IBX scholarship aims to increase diversity in nursing schools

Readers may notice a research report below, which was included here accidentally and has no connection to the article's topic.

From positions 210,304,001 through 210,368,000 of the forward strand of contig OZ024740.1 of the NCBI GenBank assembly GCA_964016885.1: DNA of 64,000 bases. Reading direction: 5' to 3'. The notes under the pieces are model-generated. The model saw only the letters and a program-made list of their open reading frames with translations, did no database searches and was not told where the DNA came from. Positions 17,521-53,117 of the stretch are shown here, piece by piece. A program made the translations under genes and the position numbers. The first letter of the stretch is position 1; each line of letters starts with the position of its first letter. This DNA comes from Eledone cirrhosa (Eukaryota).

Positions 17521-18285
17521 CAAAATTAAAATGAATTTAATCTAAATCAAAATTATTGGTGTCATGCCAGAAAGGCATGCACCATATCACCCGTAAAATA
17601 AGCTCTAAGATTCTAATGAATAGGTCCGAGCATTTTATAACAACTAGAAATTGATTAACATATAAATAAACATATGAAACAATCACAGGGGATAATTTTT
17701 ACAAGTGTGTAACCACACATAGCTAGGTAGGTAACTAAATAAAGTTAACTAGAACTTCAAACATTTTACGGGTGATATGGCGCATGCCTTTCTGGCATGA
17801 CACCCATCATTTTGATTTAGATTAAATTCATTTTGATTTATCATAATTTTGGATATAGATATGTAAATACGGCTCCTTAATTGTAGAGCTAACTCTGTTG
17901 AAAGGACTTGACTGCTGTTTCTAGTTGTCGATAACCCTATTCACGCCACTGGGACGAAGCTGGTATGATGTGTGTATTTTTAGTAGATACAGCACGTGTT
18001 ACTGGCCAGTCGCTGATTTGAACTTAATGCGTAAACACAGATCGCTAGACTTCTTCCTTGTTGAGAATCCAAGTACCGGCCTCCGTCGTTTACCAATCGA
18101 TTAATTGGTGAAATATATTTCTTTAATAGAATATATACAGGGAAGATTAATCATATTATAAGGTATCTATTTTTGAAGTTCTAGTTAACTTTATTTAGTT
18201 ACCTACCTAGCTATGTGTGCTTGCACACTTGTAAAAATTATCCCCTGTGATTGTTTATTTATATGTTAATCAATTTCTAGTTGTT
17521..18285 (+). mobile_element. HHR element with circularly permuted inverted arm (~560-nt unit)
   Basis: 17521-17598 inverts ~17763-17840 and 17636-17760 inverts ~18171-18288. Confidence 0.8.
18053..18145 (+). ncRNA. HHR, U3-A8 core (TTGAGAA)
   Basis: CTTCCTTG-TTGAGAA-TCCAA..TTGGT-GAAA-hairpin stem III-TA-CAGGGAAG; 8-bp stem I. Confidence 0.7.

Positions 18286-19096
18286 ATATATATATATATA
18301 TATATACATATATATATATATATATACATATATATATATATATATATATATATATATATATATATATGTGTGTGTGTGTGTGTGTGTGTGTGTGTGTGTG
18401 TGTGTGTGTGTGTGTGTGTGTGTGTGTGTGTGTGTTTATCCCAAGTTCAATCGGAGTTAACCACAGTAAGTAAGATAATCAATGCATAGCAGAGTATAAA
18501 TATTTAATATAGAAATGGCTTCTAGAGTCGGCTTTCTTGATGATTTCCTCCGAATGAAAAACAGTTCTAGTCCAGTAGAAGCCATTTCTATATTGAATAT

The Independence Blue Cross Foundation will pay the tuition of 35 Philly-area high school students from underrepresented backgrounds to attend nursing school. The Healthcare Scholars gathered Thursday at IBX’s offices in Center City for a reception.The program’s goal is to increase representation in the nursing profession, said Lorina Marshall-Blake, the president of the foundation. A more diverse nursing workforce could help narrow racial gaps in patient outcomes.“Research shows that outcomes are better when people get care from individuals they identify with,” Marshall-Blake said.Only 7% of registered nurses in the U.S. are Black, according to the National Council of State Boards of Nursing, while 14% of the population identifies as Black. Men account for less than 10% of the RN workforce.» READ MORE: Philly health systems and IBC are launching an effort against race-based medicineThe 35 students will attend 12 nursing programs in the region, including Temple University, Widener University, and the Community College of Philadelphia. Each student will receive a full-ride scholarship — four years for those who are pursing a bachelor’s degree and two years for an associate’s degree.Students will also have access to tutoring and other academic resources through IBX.More than moneyWhen Andil Fatkonsi learned that he received the scholarship, he was so excited that he poured himself a glass of sparkling apple juice to celebrate. An immigrant from West African country of Benin, Fatkonsi wants to be the first in his family to join a medical profession. He graduated from Samuel Fels High School in 2022 and enrolled in the Community College of Philadelphia. This fall, he will start the school’s nursing program.The scholarship lifts the financial burden of his education. “It’s going to help a lot,” he said in an interview during the reception.Monica J. Harmon, president of the Southeastern Pennsylvania Area Black Nurses Association, gave the keynote address for the gathering. She shared her path from a “West Philly girl” to a public health nurse, professor, and leader in the field. There were times throughout her career that she didn’t get the respect she deserves because of her race, Harmon said. But she doesn’t regret becoming a nurse.» READ MORE: Lincoln University closes its nursing program, leaving a hole in the pipeline of Black nursesShe told the students that the field offers many career options and an opportunity to be leaders that advance the profession. But to achieve all that, she urged them to put aside feelings of impostor syndrome — the psychological sense of doubt in their own skills and ability — and believe in themselves.“I promise you, you are enough,” Harmon said.That message resonated with Raheim Grant, who recently graduated from the Philadelphia Performing Arts Charter School. The South Philly native, who is heading to Widener University, always had self-doubt. The email announcing the scholarship began to change that.“I’m proud of myself,” Grant said.

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